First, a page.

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A Brush with Death (The Hands of Fate Book 1) Kindle Edition
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About the Author
- File size : 3072 KB
- Word Wise : Enabled
- Print length : 288 pages
- Language: : English
- ASIN : B076CQN7GY
- Publication date : October 27, 2017
- Publisher : JB Publishing (October 27, 2017)
- X-Ray : Not Enabled
- Screen Reader : Supported
- Text-to-Speech : Enabled
- Enhanced typesetting : Enabled
- Lending : Enabled
- Best Sellers Rank: #446,196 in Kindle Store (See Top 100 in Kindle Store)
- Customer Reviews:
Top reviews from the United States
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I had high hopes for this book. The premise sounded interesting with the possibility of a Persephone retelling mixed in with Jack the Ripper. It lost me almost at once with the talk about Denise, her lady, accompanying Isobel to a ball. Confused, I reread and then read on, finally figuring out that Denise was her lady's maid. I'm not sure why Isobel keeps referring to her as her lady or even as Denise (ladies maids were generally referred to by their surnames in Victorian households). I ignored the dialogue which constantly uses modern phrasing though that's the kind of thing that stops me cold when I'm reading. The whole scene at Almack's was ridiculous; Almack's was closed by this point, was only open on Wednesday evenings to those with vouchers, and required extremely formal dress (not what one would wear to a tennis match).
I was glad to see the reference to Erewhon and most of the Ripper parts were correct which made it all the more confusing to me as to why research hadn't been done for the rest of the story. Watching Downton Abbey should have been enough to explain how the servants were supposed to work in a wealthy household. Valets and ladies maids don't answer the front door, for example. Also, the author didn't understand how titles work among the nobility. A gentleman can't inherit the title of Earl from his uncle when his father is still alive, especially if all the names are different and his father is a Baron. A duke is addressed as 'Your Grace' and any dukes in England would be well-known; one can't just appear.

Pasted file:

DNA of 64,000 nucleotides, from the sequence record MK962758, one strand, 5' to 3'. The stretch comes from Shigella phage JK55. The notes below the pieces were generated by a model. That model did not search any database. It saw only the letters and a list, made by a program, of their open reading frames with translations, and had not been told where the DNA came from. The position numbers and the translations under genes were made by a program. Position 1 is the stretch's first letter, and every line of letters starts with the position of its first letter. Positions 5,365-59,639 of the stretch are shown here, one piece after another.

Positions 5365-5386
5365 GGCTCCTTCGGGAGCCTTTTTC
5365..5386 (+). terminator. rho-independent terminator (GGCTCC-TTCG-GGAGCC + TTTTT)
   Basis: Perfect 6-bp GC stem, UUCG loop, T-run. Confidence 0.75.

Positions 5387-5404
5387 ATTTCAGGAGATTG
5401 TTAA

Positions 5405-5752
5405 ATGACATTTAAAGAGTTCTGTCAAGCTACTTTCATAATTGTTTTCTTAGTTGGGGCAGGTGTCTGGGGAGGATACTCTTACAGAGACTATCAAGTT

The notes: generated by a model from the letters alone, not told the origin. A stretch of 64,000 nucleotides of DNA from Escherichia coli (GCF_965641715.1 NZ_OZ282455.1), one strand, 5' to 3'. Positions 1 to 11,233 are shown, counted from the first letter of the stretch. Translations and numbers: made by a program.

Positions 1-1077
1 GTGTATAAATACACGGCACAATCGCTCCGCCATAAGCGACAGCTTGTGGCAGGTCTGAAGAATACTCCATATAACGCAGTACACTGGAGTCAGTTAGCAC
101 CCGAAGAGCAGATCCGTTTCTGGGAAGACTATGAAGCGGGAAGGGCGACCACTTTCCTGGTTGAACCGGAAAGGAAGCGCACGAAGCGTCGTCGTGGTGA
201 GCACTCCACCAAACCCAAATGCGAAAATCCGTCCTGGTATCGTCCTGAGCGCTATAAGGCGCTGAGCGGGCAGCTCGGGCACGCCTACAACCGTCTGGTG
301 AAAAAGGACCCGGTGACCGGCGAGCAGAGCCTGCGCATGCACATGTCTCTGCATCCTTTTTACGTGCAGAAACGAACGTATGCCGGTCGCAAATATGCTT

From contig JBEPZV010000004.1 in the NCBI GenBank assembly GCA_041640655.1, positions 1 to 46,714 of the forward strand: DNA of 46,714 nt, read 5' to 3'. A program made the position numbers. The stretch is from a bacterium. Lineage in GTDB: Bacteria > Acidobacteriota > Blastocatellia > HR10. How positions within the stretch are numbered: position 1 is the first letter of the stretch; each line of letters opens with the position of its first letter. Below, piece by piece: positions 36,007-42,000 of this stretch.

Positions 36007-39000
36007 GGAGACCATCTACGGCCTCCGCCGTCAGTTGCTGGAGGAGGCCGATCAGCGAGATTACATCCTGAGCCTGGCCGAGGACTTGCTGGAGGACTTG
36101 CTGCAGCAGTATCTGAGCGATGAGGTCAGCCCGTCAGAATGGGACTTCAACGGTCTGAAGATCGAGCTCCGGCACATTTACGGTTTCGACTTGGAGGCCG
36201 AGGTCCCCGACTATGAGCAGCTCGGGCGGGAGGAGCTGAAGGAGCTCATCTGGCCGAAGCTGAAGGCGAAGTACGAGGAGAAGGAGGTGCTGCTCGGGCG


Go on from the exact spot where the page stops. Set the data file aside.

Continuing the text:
It may seem as if I'm being picky, but each time an anachronism appears, it can take the reader right out of the story. Once in a great while, I'll read a book where I can forgive this because the story is so great, but here it was just a not very interesting love triangle. Isobel is spoiled and not that likable. Devon was just bland. Death was the most compelling character, but too often he seemed to develop some trait just in time to fill a plot hole.
In the end, I found this book disappointing. Other readers may feel differently, but it certainly wasn't for me.
You will need tissues while reading this book I know I wandered the halls looking for a box while muttering 'Why? WHY?' like a mad woman drawing the attention of the rest of my household. Luckily they've become quite used to my middle of the night reading resulting in tears and/or mad ramblings so after furnishing me with a box of tissues and a hot chocolate they wandered back off to bed. This book kept me up all night, I got next to no sleep and I regret nothing. Nothing I tell you.
Top reviews from other countries
And quite honestly , I was blown away
I found it to be both Macabre and Beautiful
Disturbing and Fantastic
Loving and Destructive
A wonderful piece of writing, that I will revisit and will stay on top of my book list for a long while x